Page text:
This review contains spoilers for the book and its film adaptations, namely the most recent rendition.
“To the children, the town was their whole world. To the adults, knowing better, Derry, Maine was just their home town: familiar, well-ordered for the most part. A good place to live.
It was the children who saw – and felt – what made Derry so horribly different. In the storm drains, in the sewers, IT lurked, taking on the shape of every nightmare, each one’s deepest dread. Sometimes IT reached up, seizing, tearing, killing . . .
The adults, knowing better, knew nothing.
Time passed and the children grew up, moved away. The horror of IT was deep-buried, wrapped in forgetfulness. Until they were called back, once more to confront IT as IT stirred and coiled in the sullen depths of their memories, reaching up again to make their past nightmares a terrible present reality.” (Source: Goodreads)
If you’re looking for an absolute tome of horror to read, It by Stephen King definitely fits that bill. I still prefer The Stand over this book, though. Wrought with the horrific trials visited upon children in the town of Derry, Maine, readers learn to love and loathe an extremely wide range of characters. While much of this book is entertaining, there are a few things I simply cannot condone.
There’s a few scenes in here that are sexually graphic. This isn’t uncommon in the horror market, and normally doesn’t bother me. Only, I made the mistake of laughing off one of my ex’s remarks regarding pre-pubescent intercourse and circle-jerking. I’m throwing that out there, in case it’s something my readers wish to steer clear of. Not only that, but… Let’s just say I prefer the movie’s approach to Bev not being afraid, to the actual… what happened in the book, and we’ll leave it at that. I cannot stomach some of the scenes of this book, not because they are terrifying, but because they are downright wrong, disgusting, and rather unnecessary.
That rant aside, this massive tome tells two stories alongside one another: the past and present battles with Pennywise the Dancing Clown mingle and cross between one another and, perhaps because I was listening to the audiobook (a whopping 45 hour track, if we’re rounding), this made it difficult for me to keep the two straight. In fact, I had to rewind now and then to make sure I was hearing things properly (i.e. aforementioned rant). I’ve said it before, and I’ll say it again: alternating time periods in this manner between the same characters in a story is maddeningly distracting for me.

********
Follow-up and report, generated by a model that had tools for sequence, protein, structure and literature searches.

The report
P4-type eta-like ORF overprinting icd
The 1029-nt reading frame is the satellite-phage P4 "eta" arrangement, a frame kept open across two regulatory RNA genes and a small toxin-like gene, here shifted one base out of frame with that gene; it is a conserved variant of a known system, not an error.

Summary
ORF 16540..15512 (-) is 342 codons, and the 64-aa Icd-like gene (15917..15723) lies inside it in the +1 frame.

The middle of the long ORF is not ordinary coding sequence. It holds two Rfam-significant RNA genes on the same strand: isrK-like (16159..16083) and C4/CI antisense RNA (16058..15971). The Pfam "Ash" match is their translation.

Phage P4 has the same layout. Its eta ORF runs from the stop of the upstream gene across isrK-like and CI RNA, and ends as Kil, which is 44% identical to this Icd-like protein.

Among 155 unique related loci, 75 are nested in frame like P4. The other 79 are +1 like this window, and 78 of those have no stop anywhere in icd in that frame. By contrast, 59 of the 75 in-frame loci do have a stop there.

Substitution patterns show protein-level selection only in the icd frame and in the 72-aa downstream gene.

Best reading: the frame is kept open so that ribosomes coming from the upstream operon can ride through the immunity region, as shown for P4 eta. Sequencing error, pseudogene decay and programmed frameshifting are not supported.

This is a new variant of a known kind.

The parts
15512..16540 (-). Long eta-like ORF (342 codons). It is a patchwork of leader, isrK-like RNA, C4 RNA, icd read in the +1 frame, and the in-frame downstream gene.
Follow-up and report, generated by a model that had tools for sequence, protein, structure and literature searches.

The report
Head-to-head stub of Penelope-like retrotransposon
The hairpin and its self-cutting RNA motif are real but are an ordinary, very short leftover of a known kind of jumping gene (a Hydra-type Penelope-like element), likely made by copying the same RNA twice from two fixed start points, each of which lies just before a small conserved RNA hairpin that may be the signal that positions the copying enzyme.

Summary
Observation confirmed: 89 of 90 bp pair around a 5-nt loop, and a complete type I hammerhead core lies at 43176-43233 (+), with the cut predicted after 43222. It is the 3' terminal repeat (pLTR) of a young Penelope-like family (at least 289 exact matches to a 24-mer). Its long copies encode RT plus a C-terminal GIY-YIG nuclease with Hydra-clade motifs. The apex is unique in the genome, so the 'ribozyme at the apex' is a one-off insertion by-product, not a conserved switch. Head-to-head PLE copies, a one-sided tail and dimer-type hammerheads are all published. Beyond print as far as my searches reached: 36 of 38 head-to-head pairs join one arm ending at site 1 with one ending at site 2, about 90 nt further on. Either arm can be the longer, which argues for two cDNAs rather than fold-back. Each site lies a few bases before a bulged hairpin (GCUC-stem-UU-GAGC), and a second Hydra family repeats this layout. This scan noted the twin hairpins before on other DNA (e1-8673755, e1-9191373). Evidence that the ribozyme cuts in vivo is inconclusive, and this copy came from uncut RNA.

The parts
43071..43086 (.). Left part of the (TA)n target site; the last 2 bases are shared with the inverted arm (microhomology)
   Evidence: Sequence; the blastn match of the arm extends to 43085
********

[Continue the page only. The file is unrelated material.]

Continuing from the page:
King’s character depth will always astound me. He makes even the briefest characters of his books memorable, giving them a backstory that is fully developed. There are several times he managed to goad emotions out of me that I didn’t want to feel, and I love that. Ben Hanscom is by far my favorite, perhaps because in many ways, we share similar childhoods. Parents that care, the bullies, the blossoming from pre-pubescent torture – though the entire Loser’s Club endured this, I feel Hanscom had it worst. Not counting Eddie’s run in with Henry. His heartfelt devotion for Bev is mesmerizing, and I can only hope they had their happy-ending.
Which… is heartbreaking, in its own right. While I have no doubt there are many things about the sewers of Derry that would be horrible to live with for the rest of your life, can you imagine forgetting chunks of your life, of your past? It has to be absolutely disorienting, and readers can feel it in the conclusion of Bill and Audra’s future. They’ll never know the incident that happened, nor will they remember their childhood friends whom they loved.
On a brighter note, Steven Weber, the narrator for several of King’s books, puts on a dazzling performance in It. He’s easily carried away now and then, and it’s nice to have a reader that is truly invested into the material he’s recording. Weber earns a spot right next to Amanda Dolan as one of my all-time favorite narrators and this production is amazing.
Reluctantly, I have compromised with myself to give this a mid-grade rating. I am a tough critic, and this is something that has caused disagreements between myself and other readers, but in the end, there are elements of this book I simply cannot accept, no matter whose hand wrote them.
Fun fact: My fear of clowns began when I was eight years old and witnessed Tim Curry’s Pennywise. It ended with Bill Skarsgard’s.